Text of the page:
Support to families

Parents have the right to assistance in raising their children

poljoprivredna obitelj od četiri osobe (dvije djece) na otoku Hvaru


Parents have the most beautiful and most demanding task – taking care of children, ensuring their wellbeing, and raising them. The modern family faces numerous challenges and often very high expectations. Therefore, it is not surprising that in our research both parents and the wider public agree that it is necessary to provide additional, professional support in raising children. This need is also felt by the parents of girls and boys with disabilities who face special needs and challenges.

Parents who face financial problems, unemployment and illness need strong societal support, so that crises do not jeopardise the rights of children. Research shows that children growing up in families at risk more frequently witness violence or are victims of violence themselves. Continued investments in work with families who are found to be in some sort of risk or who treat their children inadequately play an important role in protecting their wellbeing.

In addition to the responsibility of parents towards children, the Convention on the Rights of the Child mentions in its Article 18 the responsibility of society to help parents in raising their children. This is why it is crucial to make sure that society provides parents with support in the care of their child.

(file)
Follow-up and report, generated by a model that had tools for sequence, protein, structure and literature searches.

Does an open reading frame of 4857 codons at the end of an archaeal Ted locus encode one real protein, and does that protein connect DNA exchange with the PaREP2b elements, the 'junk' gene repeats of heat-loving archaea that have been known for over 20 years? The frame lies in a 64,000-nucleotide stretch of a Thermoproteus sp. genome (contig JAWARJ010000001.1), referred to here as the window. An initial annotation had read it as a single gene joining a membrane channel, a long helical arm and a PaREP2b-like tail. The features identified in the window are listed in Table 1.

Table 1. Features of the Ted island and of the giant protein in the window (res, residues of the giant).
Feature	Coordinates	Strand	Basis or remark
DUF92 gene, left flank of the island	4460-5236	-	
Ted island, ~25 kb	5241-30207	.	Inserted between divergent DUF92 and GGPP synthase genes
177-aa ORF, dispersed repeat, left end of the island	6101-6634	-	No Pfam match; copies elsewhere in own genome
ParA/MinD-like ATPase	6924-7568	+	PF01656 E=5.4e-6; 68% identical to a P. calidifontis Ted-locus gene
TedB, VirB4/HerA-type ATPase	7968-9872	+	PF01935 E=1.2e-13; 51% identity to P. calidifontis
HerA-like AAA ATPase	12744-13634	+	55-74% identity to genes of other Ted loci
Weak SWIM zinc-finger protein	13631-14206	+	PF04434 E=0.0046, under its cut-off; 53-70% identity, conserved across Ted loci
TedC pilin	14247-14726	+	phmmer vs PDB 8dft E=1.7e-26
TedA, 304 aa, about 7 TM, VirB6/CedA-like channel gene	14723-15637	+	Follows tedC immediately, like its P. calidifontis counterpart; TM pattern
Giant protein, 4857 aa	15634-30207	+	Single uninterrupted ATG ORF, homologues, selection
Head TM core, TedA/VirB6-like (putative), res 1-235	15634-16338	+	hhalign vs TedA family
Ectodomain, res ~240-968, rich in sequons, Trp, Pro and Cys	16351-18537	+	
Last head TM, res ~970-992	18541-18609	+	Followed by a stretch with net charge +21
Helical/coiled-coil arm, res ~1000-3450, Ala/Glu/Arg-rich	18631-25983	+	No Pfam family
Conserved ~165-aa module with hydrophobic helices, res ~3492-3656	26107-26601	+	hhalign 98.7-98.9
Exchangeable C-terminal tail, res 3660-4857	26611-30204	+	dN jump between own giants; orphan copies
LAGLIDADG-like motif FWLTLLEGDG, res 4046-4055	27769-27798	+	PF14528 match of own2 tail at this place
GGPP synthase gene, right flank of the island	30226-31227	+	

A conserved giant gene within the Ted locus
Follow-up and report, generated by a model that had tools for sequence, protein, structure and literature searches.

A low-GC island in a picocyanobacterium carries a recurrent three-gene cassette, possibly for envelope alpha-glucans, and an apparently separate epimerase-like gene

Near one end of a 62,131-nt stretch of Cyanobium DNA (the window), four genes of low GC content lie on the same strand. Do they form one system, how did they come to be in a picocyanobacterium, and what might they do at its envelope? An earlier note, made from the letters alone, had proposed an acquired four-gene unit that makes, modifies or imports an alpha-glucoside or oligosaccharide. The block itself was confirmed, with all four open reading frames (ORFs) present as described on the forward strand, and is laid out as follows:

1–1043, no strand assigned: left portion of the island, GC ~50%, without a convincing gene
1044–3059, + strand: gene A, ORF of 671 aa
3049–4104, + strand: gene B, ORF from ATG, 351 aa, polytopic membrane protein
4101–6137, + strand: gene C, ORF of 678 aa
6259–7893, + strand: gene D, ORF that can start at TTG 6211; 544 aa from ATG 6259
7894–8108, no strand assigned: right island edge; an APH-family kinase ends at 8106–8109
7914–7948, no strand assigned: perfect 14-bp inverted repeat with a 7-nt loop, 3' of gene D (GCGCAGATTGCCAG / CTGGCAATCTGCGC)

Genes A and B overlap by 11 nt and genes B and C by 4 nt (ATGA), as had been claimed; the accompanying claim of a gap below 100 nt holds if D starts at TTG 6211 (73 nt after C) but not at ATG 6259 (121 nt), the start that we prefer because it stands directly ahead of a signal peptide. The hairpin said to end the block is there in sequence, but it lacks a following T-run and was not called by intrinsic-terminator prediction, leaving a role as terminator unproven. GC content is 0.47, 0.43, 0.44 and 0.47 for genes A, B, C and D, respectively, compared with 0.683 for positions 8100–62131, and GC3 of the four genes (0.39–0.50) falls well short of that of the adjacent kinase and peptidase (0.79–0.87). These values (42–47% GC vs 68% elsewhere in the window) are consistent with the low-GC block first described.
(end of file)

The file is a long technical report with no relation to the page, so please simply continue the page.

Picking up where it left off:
In order to support parents, UNICEF and its partners launched workshops for parents within the action “The First Three Are the Most Important”. The objective of the workshops “Growing up Together” is to strengthen the positive relationship between parents and children. The workshops teach about the needs of children and parents, offer practical advice on communication skills, and present opportunities to talk about all topics of interest to parents.

majka i otac koji djetetu pokazuju foto album

New scientific findings indicate the importance of the relationship between parents and children for the development of the child. The findings also emphasise the unique contributions to the child’s long-term psychosocial development that arise from the father’s involvement, sensitive support and encouragement in the first years of life. As a result, we have launched workshops under the title “Father’s Club”.

“I can say only the best about the workshops which should keep going. They offer great support for parents.”

Today, the programme is free in all kindergartens, associations and family centres in social welfare centres in 77 Croatian towns. To respond to the needs of parents of children with disabilities, we have launched workshops called “Growing Up Together Plus”.

“You attend these workshops to hear other people, to hear what these very important professionals have to say, and we have seen immense progress in Ante. It means a lot to me, because it is important for me to know that I am not alone in this whole story.”

Experts have recognised that parents who raise children in adverse circumstances and who use the services of social welfare centres need special support. For this reason, workshops for parents and children under the title “Growing up Together – Count Us In” have also been developed; they are mostly run in social welfare centres and family centres.

The “Growing Up Together – Count Us In” workshops are part of the programme “For a Stronger Family”, through which we continuously invest in work with families with children in particularly vulnerable positions.